3. Prepare the grill for direct cooking over medium-high heat. Thread the fish on the skewers, beginning and ending with the halibut and alternating with onions and peppers. Lightly brush the vegetables some of the marinade.

4. Grill the skewers over direct medium heat, until the fish is charred in places and just cooked through, about 8 minutes, turning as needed. Arrange the skewers on a serving platter, garnish with parsley sprigs and serve warm with lemon wedges.

Alaska Memories and a recipe for Shrimp, Kale and Pearl Couscous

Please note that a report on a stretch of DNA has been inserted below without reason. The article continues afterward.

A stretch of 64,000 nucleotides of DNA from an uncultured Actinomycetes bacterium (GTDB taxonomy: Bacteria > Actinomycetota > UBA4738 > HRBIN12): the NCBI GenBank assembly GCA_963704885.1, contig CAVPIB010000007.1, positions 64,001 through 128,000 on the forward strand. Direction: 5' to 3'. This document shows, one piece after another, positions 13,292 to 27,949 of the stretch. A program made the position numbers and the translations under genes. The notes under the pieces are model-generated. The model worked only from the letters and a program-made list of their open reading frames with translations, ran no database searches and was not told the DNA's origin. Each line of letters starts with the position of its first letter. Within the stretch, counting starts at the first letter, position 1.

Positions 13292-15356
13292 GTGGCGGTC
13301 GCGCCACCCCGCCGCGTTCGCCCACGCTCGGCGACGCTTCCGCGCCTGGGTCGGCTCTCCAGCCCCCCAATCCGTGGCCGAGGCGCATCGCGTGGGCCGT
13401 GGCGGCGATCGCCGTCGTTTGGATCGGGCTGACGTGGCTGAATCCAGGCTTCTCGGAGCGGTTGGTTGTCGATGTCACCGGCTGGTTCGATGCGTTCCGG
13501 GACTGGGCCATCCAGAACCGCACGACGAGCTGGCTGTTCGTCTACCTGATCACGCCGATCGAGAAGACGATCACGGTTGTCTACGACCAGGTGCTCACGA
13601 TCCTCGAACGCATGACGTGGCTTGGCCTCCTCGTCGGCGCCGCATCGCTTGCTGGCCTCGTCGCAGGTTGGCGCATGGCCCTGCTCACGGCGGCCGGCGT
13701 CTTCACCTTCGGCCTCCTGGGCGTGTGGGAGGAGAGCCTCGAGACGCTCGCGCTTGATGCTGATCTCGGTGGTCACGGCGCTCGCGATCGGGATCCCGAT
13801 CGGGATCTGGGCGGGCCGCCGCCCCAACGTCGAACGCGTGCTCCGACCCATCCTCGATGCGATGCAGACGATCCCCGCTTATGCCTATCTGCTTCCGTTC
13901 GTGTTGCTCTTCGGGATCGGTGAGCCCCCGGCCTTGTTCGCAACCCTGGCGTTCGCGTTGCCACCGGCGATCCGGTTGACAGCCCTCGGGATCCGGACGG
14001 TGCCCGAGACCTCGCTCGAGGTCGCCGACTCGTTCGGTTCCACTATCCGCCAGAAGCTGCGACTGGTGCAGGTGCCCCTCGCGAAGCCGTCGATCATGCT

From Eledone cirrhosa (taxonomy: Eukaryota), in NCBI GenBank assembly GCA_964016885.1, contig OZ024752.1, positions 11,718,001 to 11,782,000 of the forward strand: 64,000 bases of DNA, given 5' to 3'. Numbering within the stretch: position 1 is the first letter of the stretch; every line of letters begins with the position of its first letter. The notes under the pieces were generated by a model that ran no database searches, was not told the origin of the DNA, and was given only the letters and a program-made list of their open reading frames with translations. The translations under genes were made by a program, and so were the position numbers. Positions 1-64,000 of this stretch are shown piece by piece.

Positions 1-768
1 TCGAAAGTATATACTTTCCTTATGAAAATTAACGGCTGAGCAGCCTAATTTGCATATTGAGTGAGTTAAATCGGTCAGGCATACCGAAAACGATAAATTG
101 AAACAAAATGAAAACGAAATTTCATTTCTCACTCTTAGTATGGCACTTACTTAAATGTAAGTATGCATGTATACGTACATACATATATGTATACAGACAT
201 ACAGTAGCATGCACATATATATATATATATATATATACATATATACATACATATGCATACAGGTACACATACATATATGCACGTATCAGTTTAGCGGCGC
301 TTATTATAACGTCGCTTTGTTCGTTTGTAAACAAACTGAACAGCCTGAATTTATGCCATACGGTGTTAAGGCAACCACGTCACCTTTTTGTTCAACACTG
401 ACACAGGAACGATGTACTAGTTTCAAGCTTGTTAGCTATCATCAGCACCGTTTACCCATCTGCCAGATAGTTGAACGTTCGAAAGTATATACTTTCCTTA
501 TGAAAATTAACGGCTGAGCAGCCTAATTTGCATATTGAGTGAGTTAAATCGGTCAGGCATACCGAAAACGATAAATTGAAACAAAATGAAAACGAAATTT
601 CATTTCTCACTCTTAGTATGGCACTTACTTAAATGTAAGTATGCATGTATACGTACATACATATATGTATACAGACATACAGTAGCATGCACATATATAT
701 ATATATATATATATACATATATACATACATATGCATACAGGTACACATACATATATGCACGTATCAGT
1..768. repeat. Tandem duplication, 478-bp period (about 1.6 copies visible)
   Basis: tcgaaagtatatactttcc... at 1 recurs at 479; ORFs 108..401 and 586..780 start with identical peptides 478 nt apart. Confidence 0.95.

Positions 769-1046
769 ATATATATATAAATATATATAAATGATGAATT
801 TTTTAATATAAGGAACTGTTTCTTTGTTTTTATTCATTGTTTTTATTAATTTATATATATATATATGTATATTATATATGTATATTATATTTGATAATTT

Alaska Memories and a recipe for Shrimp, Kale and Pearl Couscous

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It would have been simpler to meditate. Instead, I traveled to Alaska. More specifically, I traveled 3,000 miles on three planes of diminishing size, and one water taxi to Tutka Bay Lodge. Tutka Bay sits at the mouth of a rugged seven-mile fjord stretching into the glacier capped Kenai mountains, 125 air miles south of Anchorage. It’s not accessible by road, only by sea plane or a water taxi which multitasks as a mail and food delivery service, garbage collection, and all-purpose passenger shuttle to and from Homer, the closest town accessible by road. If you want to get away from it all, this is for you. It’s well worth the trip.